A Guide to Marble

Marble has been used in art and architecture since the Roman times and is known for its beautiful veining and colour combinations. In our Guide to Marble, you'll find out how the stone is made, where it comes from and how to care for your tiles in your home.

Formation of Marble

When Limestone is exposed to high temperatures and pressures, the calcite in the Limestone recrystallises forming a denser material known as Marble, which consists of roughly equigranular calcite crystals.

Sourcing the Marble

Marble is quarried from across Europe and Asia (in particular Italy, Spain, Turkey, China, India, and Vietnam). The various swirls and veins that often appear in Marble are attributed to various mineral impurities, it is these impurities that lead to unique and interesting colour combinations. Like many other metamorphic rocks, Marble has no fossils.

Production of Marble

Generally, any layering that appears within the rock will not correspond to the original piece of Limestone it was made from. Once the material has been quarried into blocks, it's then cut into slabs which are eventually cut into tiles.

Benefits of Marble

Whilst Marble is quite susceptible to acidic fluids, it is extremely durable in dry climates and is both hardwearing and effortlessly timeless.

Did You Know?

Famously used for historical sculptures like the Venus de Milo and Michelangelo's David, Marble has been used in art and architecture since the Roman times and is still used by artist and engineers alike today.


To keep your stone in top condition, we recommend protecting the tiles once laid. Please see our Protector Guide which outlines which protector your stone requires.


What different finishes are available?

Marble can be polished or honed which gives either a gloss or matt finish.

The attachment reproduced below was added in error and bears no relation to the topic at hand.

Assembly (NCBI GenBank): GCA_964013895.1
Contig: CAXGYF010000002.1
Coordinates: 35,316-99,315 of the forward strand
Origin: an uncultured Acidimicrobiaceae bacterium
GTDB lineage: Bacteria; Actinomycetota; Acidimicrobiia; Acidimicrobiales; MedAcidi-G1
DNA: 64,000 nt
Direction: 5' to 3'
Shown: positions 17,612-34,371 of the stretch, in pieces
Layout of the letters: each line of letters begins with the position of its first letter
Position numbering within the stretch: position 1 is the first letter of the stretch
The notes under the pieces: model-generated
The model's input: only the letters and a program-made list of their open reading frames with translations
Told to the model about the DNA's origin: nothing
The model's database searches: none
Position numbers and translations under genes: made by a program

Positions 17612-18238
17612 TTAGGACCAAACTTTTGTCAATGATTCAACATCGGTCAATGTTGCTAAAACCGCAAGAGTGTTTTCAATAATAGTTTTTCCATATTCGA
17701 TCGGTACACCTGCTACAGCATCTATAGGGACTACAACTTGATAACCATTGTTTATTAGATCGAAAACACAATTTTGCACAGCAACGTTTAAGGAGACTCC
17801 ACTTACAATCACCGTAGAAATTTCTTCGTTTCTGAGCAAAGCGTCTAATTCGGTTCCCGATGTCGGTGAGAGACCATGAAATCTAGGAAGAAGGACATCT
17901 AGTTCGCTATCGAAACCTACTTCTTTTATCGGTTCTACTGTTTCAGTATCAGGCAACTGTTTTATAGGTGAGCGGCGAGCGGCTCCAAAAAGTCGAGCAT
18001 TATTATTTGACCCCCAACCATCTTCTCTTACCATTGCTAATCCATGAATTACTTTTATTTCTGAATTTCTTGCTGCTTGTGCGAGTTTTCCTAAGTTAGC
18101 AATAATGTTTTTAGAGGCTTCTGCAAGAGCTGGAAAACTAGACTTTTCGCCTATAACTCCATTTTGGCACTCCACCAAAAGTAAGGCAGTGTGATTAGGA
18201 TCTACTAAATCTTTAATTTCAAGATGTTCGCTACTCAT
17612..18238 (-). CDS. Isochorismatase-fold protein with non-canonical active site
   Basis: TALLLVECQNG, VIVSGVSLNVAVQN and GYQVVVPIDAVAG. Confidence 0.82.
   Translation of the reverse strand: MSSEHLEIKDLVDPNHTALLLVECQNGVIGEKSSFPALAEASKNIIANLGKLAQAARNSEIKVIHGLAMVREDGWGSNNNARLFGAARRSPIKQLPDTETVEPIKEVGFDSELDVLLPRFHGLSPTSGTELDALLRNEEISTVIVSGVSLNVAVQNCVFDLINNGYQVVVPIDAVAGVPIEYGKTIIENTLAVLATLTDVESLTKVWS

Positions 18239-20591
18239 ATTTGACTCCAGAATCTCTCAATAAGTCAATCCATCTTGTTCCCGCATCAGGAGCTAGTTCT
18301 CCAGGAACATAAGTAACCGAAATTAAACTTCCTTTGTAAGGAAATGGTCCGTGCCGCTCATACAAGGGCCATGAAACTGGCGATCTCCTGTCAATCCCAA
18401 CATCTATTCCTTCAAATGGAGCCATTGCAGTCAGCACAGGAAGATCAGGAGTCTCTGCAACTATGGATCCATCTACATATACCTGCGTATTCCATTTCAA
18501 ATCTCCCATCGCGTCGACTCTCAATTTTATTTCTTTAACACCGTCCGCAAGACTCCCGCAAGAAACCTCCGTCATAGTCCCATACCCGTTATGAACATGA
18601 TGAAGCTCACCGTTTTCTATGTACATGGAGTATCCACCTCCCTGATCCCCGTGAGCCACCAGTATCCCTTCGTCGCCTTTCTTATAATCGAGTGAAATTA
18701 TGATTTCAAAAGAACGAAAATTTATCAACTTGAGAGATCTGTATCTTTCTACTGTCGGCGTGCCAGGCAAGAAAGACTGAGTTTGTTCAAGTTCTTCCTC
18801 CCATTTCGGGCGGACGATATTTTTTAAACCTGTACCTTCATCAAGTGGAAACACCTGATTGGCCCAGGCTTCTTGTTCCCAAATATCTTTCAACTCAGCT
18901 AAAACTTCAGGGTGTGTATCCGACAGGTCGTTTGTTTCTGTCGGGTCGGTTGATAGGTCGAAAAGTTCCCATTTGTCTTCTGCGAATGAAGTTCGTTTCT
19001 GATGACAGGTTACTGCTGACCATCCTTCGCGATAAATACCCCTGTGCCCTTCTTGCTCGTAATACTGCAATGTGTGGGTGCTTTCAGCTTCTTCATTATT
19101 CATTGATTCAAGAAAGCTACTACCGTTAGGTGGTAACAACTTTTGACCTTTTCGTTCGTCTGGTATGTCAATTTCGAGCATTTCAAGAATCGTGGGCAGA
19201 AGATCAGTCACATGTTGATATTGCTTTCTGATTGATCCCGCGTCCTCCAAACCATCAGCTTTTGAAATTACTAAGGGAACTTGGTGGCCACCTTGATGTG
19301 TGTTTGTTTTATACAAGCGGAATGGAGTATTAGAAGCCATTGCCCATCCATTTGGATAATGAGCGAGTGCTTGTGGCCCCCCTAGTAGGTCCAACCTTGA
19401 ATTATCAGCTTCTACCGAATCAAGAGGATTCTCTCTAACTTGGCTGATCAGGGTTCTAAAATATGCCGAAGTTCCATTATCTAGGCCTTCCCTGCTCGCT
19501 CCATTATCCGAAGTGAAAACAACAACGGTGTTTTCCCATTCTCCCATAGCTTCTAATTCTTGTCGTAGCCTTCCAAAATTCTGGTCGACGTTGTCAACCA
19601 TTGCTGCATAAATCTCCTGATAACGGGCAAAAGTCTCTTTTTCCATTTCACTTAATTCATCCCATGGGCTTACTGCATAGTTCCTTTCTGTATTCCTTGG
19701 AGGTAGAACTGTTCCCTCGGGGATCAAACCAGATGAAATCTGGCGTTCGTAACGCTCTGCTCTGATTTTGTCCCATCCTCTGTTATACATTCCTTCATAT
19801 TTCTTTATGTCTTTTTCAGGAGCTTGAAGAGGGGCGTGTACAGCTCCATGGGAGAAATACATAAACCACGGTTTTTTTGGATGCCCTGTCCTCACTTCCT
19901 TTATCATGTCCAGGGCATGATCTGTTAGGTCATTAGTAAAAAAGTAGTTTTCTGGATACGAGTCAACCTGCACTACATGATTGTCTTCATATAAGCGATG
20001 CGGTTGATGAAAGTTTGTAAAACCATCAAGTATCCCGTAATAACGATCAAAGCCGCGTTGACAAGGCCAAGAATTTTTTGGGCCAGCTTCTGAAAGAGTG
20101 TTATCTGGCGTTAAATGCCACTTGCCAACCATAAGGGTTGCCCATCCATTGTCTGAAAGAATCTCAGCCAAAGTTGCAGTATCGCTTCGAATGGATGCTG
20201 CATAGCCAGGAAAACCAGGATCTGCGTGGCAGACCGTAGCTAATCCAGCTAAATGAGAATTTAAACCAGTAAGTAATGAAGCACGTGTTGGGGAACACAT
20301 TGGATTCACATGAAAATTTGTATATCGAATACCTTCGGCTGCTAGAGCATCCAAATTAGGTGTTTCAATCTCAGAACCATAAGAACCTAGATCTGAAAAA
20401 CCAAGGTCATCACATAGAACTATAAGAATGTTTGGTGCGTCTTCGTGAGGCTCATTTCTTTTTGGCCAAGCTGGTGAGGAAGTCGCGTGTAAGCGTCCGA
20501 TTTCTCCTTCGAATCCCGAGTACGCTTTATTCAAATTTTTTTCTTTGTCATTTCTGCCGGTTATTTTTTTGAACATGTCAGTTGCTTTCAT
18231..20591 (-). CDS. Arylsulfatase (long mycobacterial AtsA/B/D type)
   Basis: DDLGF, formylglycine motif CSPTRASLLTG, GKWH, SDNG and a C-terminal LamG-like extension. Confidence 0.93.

Why is it important to seal Marble tiles?

Marble is sensitive to wet conditions and should therefore be sealed to extend its longevity.

How should these tiles be sealed?

Once laid, Marble needs to be sealed to avoid staining. For an initial clean after grouting use a residue remover (we sell one for polished and one for unpolished tiles). Allow the product to work by leaving it on the tile for at least 10 minutes and then use an emulsifying pad to remove the grout residue.

If some residue remains it may be due to the polymer within the grout, these needs to be softened with an alkaline detergent such as a Tile and Stone Stain Remover.

To protect your Marble, it is essential you use a protector. Our matrix here will help. Apply with a brush or roller and allow each coat to dry thoroughly.

How much does this stone material naturally vary? And why?

Marble varies considerably from block to block due to the natural impurities and the type of Marble quarried. We recommend dry laying your tiles prior to fitting to ensure you're happy with the variation.

What size tolerance should there be on this stone if any?

Tolerances in dimensions for Marble are around +/- 0.5mm. Please speak to your local store team for further information.

*Terms & Conditions apply